Another important thing to get from a security report is whether a certain vulnerability can be used against our system. If a vulnerability is afflicting a feature that is not being used by our solution, we don't have to be urgent when it comes to resolving the issue (e.g. a critical vulnerability found in
System.Common.Drawing transitively used by an API which doesn't have any graphical features). There are many ways to find this out. Some packages are open-source, which enables us to analyze them and see how that package is using the vulnerable dependency. If the vulnerability afflicts the part of our solution which is not being deployed (e.g. our test tools and projects), we can safely assume that the public part of our system is not affected. But there will be situations where the available information will not be enough to come to any conclusions more meaningful than an educated guess, in which case we should proceed with fixing it.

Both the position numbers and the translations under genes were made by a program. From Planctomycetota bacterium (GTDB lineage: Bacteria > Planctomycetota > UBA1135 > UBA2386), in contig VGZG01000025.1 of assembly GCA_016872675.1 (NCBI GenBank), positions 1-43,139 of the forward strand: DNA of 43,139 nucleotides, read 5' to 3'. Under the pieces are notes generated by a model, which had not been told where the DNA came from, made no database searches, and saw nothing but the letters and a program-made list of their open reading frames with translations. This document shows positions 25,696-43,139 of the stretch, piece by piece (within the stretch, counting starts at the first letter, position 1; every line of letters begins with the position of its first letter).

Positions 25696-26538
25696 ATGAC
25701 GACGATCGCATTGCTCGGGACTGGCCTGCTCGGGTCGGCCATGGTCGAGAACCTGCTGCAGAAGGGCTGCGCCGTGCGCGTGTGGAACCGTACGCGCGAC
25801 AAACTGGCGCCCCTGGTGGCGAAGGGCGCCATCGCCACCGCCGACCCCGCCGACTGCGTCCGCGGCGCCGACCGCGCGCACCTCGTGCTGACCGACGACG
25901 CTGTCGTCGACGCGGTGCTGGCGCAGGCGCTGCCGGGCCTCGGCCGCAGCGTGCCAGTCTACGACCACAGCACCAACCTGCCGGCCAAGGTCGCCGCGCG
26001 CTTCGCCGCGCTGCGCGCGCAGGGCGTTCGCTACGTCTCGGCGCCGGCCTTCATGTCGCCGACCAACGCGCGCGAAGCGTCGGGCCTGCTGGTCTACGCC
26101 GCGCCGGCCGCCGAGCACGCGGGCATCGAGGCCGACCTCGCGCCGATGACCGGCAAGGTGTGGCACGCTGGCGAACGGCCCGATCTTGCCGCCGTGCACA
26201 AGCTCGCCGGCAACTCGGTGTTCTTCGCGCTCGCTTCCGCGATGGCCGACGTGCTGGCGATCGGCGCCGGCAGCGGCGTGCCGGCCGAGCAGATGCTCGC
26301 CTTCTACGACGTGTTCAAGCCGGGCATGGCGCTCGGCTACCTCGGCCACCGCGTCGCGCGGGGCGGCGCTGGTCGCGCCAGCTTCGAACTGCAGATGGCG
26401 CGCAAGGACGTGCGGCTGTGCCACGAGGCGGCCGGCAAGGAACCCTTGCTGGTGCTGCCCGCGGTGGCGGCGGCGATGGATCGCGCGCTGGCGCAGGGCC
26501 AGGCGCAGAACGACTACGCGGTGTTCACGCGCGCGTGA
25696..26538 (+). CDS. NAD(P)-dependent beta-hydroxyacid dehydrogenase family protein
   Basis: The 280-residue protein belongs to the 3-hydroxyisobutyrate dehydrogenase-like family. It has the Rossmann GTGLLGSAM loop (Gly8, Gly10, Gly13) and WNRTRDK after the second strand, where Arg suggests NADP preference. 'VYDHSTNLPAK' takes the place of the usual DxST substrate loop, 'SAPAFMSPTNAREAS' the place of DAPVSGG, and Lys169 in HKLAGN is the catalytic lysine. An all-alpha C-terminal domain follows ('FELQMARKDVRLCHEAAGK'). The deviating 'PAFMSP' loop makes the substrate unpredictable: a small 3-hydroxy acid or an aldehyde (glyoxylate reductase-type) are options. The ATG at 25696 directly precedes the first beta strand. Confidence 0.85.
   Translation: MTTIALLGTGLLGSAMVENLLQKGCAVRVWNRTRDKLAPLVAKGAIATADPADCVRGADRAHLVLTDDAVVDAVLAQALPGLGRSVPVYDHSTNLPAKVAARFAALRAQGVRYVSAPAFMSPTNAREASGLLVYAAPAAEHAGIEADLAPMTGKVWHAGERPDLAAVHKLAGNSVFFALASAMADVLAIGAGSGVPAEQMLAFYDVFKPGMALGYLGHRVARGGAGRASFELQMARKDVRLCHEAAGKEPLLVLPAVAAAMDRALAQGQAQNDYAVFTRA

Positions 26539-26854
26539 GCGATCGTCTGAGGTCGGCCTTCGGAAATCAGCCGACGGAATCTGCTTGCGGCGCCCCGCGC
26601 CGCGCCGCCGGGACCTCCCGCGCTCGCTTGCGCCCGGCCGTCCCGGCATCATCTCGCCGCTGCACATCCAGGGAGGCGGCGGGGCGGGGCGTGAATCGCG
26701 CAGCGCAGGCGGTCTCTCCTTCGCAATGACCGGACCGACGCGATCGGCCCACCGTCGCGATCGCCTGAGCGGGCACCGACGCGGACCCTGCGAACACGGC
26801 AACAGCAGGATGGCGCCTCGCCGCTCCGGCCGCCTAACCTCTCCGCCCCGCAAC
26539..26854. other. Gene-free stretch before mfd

These reports are not always easily understandable and might take a lot of time to grasp. In some cases, the impact might be obvious, but in a lot of them, the vulnerability will exploit a tiny feature in a transitive dependency which might be hard to figure out if it is being used in our solution. Because of that, it might be advisable not to go down the investigation rabbit hole and continue with the next step.
Fixing the vulnerabilities
The process of fixing these issues is, in theory, simple: just replace all the vulnerable dependencies with newer versions that have fixed the issue, or find a replacement package that doesn't have the vulnerability. In practice, unfortunately, this is not always easy to do. Finding out which exact package we should update is not as simple as updating the packages used by our projects because we don't just check the packages referenced directly by our projects, but also the transitive dependencies. Currently, there is no native way (integrated into Visual Studio or the
dotnet CLI tool) to find out which one of our direct dependencies uses the problematic transitive dependency. Fortunately, we weren't the first ones annoyed by this lack of support.
Nail Down NuGet
NailDownNuGet is a PowerShell script that uses the
nuget-deps-tree package (available on
npm) to get the dependency tree and then traverses through it to determine which package uses the transitive dependency we're searching for.